The Ottoman Empire being one the longest-living and strongest empires in the world is indisputably great. However, with the growth and advancement in the level of technology in the world, the Empire cannot resist its downfall. Furthermore, its large size contributes to its downfall because governance is not efficient. For instance, there is little communication between  numerous administrative units in various continents.  In 1800’s, the empire  faces an economic crisis because of its large size. The never-ending internal and external conflicts within the Ottoman Empire finally lead to its downfall with the signing of the Lausanne Treaty in 1923. The Turkish war of 1919 to 1922 leads to Sultan and his family flee to exile.

Relations of the Ottoman Empire with the Oppressed Ethnic Groups

The Ottoman Empire is a multi-ethnic state with over 60 religious, ethnic, and tribal groups each of them being at a different level of political and social development. Though there are legally protected leaders from  religious minority groups, the Ottoman Empire practices discrimination among the pro-Islamic communities (Fromkin 93). This leads to the revival of national Christian movements in the state which are favored by the increased influence of the European powers in the Ottoman Empire. The Tanzimat period of ruling brought new ideas to the challenges and problems that face the Christians under the Sultan. Many Christians advocate equality in all subjects and respect of human dignity which means demand of a guarantee for life and property. This idea of unity among  various ethnic and religious groups in the Empire  gains ground before the beginning of the Crimean War. This idea is used as a tool by the Ottomans against external enemies such as Russia.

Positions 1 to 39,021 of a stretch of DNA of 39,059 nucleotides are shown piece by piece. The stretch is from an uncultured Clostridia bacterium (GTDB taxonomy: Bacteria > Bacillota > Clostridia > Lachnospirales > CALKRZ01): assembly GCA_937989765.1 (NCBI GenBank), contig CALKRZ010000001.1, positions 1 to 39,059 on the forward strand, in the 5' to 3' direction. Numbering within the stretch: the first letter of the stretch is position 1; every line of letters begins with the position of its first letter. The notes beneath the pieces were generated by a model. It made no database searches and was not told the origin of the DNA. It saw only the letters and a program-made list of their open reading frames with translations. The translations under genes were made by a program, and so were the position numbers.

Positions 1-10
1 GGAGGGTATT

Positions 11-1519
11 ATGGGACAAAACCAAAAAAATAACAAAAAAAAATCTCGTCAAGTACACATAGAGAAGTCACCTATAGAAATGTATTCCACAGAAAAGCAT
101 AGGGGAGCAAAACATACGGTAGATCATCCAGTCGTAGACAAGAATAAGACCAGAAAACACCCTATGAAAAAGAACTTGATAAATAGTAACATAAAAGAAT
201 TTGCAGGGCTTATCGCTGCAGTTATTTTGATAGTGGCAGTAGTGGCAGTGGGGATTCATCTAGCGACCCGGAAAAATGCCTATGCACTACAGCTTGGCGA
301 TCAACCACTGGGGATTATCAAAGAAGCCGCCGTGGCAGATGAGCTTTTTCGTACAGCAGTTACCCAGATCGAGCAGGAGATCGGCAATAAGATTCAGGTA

The British diplomacy supports the implementation of these reforms. According to Fromkin, these reforms are meant to prevent the overthrow of Sultan’s government by national movements. Also, the Christians do not aim to ask for help from external powers in an attempt to overthrow the regime (Fromkin 75).

The Young Turks involvement in military coups and their nationalistic policy leads to the Balkans’ secession from the military state. This causes the Balkan War of 1910. In 1915 and 1917, a lot of Armenians are imprisoned and deported from the Ottoman Empire. Many of them are killed. The Armenians have aided the Russians in their confrontation with into the Empire and this is thought to be the basis for retaliation  against them.


The success of the Turks can be attributed to their superior cannons, their warlike heritage, and their cohesiveness to the Islamic faith. The decline of the Ottoman Empire is thought to be  an inevitable process signaled by the despotic, corrupt and backward government. Also, the European powers have used some commercial and territorial powers to  initiate the fall of the Empire. This is justified by the western countries that opposed the peculiar identity of the Ottoman government. The United States and European countries assert that the Ottoman Empire has lived for war. This statement is a misleading stereotype since the Ottoman state has been aggressive just like other Empires.